meisal root

Is this tooth treatable? Is it saveable? Is it even worth trying? Here we present a case where the tooth was supposedly treated endodontically years ago. We suspect that a pulptomy was done at the time of initial treatment. Pulpotomys are usually reserved for immature teeth to save healthy pulp tissue within the roots to encourage continued root development. Often times the root canal space gets obliterated in the process as a protective mechanism to insulate the pulp from further “trauma”. This may become a problem later when the endodontic treatment has to be completed years later, where calcification can block of the canals from being cleansed and shaped to the root terminus. This is the case here, partiularly on the mesial root. Additionally, the lesion associated with the distal root leaves open the possibility of root fracture (none was identified pre-operatively nor intra-operatively). We treated this case both non-surgically with conventional endodontic treatment and surgically. We were unable to negotiate the mesial canals to full length (even though it may appear on several radiographs that this may be possible). Because there is a lesion associated with the mesial root, we know that it will not heal. Should there not be a lesion, we would monitor over time. The decision was made to complete apical surgery of the mesial root. With the combination of non-surgical and surgical endodontic treatment, we are able to provide this patient with a favorable long term prognosis assuming adequate coronal restoration. Happy Monday!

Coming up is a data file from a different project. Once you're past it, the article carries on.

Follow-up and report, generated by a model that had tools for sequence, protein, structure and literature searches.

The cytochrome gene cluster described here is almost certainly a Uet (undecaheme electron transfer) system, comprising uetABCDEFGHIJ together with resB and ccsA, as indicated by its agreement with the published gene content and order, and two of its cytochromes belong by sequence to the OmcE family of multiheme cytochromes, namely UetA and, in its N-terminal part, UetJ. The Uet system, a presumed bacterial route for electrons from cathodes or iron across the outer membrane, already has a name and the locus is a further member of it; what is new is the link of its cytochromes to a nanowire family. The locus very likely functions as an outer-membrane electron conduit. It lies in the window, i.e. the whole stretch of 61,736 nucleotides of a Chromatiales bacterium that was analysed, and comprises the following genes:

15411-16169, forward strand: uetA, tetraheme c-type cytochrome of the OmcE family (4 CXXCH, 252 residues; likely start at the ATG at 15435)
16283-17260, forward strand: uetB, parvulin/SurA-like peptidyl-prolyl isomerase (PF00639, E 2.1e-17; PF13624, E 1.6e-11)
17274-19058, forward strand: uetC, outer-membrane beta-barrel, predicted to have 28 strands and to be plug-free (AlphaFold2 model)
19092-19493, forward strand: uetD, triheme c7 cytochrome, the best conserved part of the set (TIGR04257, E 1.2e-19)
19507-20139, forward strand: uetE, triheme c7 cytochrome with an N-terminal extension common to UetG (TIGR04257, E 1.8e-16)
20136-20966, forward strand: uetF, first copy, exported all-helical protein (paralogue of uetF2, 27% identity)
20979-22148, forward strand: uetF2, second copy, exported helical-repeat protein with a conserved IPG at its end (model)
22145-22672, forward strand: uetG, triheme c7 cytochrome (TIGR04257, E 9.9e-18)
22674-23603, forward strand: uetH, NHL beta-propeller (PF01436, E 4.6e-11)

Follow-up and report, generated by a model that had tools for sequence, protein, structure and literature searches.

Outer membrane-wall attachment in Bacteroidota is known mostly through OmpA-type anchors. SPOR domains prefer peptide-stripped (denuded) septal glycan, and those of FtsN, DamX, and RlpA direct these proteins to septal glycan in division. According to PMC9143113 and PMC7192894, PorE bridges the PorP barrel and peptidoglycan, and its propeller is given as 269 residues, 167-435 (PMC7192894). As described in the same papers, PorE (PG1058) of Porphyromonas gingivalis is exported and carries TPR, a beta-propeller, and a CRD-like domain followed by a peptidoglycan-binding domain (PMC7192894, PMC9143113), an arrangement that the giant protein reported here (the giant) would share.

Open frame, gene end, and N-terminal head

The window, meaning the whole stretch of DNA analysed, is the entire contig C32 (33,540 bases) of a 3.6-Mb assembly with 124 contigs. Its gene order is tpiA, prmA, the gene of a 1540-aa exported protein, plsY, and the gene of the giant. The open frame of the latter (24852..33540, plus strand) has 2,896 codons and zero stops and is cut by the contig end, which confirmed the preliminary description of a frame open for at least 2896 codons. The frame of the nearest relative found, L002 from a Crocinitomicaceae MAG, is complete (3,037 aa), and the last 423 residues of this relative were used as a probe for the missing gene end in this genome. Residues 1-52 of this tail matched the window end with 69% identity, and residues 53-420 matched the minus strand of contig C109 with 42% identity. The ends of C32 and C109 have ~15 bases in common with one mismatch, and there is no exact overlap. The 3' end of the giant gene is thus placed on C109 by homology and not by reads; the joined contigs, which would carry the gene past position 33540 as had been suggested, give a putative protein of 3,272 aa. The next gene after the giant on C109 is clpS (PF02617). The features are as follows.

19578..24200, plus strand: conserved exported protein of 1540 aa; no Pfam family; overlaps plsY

Latest Posts